Categories of Special Interest
In Use As
1805 - 1815
Terraced three-bay three-storey house over raised basement, built c.1810, now in use as office. One of group of three. Hipped slate roof behind parapet with granite coping, corbelled rendered chimneystack with terracotta pots. No visible rainwater goods. Red brick walling laid down in Flemish bond, painted to first floor level. Granite plinth course over rendered wall to basement area. Gauged flat-arched window openings, with patent rendered reveals, painted sills, and replacement six-over-six pane timber sliding sash windows. Segmental-headed door opening with stone surround having timber panelled door, flanked by engaged Ionic columns supporting fluted frieze and stepped cornice with decorative leaded fanlight. Door opens onto granite platform with three granite steps, bridging basement, flanked by wrought-iron handrails. Area bounded by granite plinths surmounted by wrought-iron railings with spike finials.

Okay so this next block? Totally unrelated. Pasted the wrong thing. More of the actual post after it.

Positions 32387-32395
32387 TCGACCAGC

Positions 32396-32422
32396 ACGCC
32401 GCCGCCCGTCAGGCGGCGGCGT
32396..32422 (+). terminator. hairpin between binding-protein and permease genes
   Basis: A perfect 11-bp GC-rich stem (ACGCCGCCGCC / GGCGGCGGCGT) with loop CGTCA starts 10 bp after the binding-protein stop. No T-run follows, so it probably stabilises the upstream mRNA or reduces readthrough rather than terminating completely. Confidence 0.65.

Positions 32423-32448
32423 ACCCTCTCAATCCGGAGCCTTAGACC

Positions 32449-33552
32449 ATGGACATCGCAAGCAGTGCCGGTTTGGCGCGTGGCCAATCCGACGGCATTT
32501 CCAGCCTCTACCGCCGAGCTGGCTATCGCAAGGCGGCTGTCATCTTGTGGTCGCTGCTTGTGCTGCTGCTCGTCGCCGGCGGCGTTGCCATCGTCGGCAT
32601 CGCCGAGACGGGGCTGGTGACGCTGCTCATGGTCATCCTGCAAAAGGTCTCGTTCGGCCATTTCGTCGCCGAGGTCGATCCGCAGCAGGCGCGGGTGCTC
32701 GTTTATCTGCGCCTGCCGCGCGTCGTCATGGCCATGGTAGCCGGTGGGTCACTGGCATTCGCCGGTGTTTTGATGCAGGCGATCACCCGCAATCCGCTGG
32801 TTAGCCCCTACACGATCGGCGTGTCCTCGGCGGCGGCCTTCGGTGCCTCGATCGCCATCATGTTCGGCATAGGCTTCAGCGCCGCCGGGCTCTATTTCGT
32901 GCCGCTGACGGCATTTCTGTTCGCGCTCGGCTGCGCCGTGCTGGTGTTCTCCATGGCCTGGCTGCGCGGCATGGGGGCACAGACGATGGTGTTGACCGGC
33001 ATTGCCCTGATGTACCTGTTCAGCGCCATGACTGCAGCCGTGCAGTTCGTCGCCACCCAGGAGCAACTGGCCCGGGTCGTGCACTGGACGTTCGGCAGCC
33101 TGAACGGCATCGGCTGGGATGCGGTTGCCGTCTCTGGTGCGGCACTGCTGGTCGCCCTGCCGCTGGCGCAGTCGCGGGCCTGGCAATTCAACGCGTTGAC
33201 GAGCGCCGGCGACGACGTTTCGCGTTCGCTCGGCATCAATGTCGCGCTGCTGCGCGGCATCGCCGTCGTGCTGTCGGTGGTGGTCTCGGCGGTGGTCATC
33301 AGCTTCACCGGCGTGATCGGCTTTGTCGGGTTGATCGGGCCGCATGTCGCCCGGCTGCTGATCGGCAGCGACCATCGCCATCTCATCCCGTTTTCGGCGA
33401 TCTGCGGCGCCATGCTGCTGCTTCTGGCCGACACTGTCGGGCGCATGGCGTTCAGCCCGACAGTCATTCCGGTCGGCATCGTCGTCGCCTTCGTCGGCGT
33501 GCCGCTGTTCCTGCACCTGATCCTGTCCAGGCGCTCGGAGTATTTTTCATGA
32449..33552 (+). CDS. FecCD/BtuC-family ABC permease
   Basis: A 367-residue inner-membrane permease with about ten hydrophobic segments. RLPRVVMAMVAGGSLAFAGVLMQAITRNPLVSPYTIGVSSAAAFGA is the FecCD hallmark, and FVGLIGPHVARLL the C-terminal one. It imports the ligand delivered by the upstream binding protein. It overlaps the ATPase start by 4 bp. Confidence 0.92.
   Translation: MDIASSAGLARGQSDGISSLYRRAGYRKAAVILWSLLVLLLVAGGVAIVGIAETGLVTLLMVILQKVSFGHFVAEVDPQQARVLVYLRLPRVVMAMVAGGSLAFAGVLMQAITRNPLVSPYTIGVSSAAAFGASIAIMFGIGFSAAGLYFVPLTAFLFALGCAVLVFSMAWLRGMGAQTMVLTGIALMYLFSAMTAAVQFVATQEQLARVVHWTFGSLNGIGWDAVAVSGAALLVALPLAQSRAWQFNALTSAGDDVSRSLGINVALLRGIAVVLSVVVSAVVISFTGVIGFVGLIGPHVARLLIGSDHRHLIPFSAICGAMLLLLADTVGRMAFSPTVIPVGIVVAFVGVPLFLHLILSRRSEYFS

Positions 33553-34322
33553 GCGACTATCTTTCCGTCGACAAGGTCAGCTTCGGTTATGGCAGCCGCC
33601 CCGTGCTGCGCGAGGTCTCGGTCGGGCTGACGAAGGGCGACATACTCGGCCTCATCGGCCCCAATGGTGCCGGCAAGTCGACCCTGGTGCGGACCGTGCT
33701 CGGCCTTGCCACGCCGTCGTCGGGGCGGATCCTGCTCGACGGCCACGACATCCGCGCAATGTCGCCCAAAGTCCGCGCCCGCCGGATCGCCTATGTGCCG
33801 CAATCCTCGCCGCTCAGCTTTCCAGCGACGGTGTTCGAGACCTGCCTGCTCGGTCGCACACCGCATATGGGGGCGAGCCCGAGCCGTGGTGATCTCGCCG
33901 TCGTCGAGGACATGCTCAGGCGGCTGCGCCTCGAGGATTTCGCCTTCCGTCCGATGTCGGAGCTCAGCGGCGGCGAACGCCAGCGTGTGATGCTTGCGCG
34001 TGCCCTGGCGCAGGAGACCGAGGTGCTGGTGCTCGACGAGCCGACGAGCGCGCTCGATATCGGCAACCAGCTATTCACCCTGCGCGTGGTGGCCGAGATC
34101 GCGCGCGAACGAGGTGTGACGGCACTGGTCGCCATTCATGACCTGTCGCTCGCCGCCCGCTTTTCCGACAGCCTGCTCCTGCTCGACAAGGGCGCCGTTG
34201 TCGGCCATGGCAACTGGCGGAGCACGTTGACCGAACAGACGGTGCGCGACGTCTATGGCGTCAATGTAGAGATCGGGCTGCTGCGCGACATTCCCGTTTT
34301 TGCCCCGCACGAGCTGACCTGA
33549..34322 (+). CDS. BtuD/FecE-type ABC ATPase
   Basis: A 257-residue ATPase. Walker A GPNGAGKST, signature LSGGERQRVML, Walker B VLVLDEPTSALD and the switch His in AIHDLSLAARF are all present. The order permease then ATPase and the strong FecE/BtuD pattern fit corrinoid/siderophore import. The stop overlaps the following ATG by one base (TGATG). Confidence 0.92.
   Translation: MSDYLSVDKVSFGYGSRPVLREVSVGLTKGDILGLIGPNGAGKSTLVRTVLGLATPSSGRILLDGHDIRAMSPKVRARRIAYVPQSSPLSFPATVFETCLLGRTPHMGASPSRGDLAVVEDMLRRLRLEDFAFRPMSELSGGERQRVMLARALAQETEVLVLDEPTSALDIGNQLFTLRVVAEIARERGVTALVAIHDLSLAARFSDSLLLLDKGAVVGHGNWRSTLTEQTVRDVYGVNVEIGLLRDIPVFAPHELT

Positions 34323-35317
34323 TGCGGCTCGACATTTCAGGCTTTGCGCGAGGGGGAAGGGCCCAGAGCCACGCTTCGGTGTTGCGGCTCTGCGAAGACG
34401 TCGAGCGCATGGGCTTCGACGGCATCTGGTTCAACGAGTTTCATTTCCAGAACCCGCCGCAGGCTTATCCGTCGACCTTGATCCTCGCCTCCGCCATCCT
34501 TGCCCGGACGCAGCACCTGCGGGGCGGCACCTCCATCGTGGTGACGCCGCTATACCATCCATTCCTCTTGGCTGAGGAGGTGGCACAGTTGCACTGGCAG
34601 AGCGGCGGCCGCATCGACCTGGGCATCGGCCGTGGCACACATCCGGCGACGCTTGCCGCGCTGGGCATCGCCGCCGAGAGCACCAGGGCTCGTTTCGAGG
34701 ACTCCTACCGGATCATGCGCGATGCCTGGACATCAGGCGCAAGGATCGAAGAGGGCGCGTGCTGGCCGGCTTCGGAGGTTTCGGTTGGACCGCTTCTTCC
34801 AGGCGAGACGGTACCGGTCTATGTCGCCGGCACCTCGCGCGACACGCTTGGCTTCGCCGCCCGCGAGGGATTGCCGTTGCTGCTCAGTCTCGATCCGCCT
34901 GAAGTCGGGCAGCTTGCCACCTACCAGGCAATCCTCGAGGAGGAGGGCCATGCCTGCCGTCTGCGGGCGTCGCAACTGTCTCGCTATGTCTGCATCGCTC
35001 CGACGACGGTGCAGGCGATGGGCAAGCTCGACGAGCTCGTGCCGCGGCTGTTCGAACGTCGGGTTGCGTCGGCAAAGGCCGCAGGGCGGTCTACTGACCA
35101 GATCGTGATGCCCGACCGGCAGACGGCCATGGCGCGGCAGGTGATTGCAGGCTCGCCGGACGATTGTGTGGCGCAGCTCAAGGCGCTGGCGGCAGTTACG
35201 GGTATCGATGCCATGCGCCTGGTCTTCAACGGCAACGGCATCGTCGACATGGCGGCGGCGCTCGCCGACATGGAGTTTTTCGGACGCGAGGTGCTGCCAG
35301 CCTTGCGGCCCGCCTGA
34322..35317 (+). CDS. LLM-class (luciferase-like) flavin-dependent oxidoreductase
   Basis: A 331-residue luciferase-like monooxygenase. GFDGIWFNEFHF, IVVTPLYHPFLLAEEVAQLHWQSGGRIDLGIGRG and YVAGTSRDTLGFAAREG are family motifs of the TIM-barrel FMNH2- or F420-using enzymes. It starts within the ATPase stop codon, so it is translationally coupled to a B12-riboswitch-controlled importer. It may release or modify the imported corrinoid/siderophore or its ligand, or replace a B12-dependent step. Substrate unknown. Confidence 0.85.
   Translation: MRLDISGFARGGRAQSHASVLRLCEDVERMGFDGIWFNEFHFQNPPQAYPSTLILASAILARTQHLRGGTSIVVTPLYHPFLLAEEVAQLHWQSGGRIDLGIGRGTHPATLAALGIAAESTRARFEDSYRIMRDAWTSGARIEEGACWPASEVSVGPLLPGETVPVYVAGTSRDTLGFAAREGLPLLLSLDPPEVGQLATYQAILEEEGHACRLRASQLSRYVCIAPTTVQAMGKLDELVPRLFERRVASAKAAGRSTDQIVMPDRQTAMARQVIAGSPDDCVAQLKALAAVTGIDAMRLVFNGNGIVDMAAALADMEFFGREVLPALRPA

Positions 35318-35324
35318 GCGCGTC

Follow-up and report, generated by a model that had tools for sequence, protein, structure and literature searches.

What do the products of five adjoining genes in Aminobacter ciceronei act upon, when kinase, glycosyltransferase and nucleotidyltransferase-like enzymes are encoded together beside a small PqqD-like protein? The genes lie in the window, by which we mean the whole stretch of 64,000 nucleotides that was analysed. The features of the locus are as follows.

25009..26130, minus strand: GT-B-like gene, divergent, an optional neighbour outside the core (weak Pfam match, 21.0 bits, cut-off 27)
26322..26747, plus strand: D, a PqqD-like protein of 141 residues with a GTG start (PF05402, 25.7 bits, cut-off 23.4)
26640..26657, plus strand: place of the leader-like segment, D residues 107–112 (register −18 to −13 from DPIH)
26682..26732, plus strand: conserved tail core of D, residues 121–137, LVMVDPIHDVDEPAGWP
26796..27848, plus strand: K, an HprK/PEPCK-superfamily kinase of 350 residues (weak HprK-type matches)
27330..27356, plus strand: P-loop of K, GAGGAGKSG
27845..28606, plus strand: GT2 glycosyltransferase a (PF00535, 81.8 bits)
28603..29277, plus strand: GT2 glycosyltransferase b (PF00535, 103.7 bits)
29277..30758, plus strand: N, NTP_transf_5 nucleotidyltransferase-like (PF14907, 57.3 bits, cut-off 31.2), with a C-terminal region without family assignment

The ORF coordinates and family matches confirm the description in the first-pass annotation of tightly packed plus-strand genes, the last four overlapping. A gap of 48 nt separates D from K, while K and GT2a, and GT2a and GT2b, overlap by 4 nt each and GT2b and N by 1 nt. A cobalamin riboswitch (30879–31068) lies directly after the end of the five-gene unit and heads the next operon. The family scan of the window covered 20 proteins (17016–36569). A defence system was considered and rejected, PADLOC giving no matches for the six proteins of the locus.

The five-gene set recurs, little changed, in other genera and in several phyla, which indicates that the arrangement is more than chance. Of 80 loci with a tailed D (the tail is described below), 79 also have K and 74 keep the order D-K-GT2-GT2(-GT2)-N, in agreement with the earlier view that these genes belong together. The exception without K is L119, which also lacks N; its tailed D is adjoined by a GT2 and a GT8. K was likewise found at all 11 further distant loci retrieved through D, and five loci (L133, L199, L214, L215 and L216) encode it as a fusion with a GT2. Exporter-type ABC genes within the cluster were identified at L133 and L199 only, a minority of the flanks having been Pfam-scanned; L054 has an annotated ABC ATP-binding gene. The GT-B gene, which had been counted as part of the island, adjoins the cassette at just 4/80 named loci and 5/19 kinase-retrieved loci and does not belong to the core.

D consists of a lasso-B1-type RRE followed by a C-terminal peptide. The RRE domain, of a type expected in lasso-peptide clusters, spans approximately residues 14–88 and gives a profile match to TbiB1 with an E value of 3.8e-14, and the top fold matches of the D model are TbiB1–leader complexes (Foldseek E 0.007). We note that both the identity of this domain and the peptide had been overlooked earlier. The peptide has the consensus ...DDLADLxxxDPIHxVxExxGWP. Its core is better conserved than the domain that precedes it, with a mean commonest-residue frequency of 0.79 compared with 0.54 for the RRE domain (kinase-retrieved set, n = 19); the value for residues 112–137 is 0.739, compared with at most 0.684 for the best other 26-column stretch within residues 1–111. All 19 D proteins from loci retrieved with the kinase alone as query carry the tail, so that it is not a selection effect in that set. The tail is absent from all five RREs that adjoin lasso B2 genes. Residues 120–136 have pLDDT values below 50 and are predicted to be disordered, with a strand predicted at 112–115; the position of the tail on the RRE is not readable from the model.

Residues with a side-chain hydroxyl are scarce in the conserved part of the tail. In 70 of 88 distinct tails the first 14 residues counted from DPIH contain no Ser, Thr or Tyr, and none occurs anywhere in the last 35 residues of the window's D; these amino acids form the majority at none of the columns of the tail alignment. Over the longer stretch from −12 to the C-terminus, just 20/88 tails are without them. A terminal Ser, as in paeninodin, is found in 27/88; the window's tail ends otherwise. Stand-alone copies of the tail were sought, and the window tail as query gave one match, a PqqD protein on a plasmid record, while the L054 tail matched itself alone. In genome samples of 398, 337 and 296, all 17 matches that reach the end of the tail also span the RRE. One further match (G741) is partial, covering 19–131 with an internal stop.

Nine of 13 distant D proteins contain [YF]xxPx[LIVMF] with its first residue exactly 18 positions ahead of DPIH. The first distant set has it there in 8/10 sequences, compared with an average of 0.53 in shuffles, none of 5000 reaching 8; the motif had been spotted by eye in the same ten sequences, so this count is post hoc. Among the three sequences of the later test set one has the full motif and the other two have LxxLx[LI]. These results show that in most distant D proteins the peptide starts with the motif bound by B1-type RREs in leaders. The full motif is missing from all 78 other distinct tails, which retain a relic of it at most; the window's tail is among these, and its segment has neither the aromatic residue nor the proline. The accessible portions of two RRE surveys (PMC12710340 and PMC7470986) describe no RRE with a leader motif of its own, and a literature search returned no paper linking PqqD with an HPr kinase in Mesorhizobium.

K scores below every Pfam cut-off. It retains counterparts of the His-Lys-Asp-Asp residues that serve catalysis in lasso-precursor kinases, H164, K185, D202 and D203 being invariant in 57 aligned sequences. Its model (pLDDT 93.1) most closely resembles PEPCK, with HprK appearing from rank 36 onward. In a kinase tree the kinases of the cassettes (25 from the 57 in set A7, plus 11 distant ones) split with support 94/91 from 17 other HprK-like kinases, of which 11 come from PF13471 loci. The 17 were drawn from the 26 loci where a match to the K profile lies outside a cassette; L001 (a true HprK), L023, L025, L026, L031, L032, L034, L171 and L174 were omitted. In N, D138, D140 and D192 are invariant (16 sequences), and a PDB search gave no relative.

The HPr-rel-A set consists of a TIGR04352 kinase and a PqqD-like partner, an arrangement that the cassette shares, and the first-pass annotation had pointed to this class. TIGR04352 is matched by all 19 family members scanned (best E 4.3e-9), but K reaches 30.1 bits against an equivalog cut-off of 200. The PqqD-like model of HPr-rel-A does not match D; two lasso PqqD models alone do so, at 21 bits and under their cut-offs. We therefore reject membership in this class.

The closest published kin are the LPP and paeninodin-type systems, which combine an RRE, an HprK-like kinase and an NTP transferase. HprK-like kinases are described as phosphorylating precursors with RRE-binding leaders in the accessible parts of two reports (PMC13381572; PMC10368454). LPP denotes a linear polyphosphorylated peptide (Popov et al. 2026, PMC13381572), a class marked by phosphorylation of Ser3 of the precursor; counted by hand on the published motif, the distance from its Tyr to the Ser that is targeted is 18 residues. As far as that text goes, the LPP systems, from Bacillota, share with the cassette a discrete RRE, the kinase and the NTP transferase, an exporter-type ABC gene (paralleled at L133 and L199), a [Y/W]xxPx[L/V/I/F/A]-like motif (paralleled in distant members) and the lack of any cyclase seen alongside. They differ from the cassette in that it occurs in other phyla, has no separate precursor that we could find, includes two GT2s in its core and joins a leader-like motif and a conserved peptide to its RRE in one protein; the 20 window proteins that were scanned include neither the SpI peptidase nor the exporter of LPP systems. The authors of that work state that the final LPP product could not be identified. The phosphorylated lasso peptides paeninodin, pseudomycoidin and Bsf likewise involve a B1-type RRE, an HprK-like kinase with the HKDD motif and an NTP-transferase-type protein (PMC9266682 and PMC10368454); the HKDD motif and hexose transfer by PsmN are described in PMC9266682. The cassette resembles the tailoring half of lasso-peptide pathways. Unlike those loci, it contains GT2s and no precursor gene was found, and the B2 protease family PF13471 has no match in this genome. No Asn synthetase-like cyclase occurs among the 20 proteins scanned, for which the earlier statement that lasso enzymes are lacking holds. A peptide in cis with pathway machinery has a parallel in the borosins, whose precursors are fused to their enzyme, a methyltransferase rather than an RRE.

Amiens Street was originally known as 'The Strand', with its name changed c.1800 in honour of Viscount Amiens, later the Earl of Aldborough. This group of houses was built in the style characteristic of the early Georgian period with pleasing proportions and fine detailing. The character of the surrounding area was greatly impacted by the arrival of the railway era within a couple of decades of the construction of the houses. The survival of the Adamesque doorcase contributes greatly to its architectural heritage significance.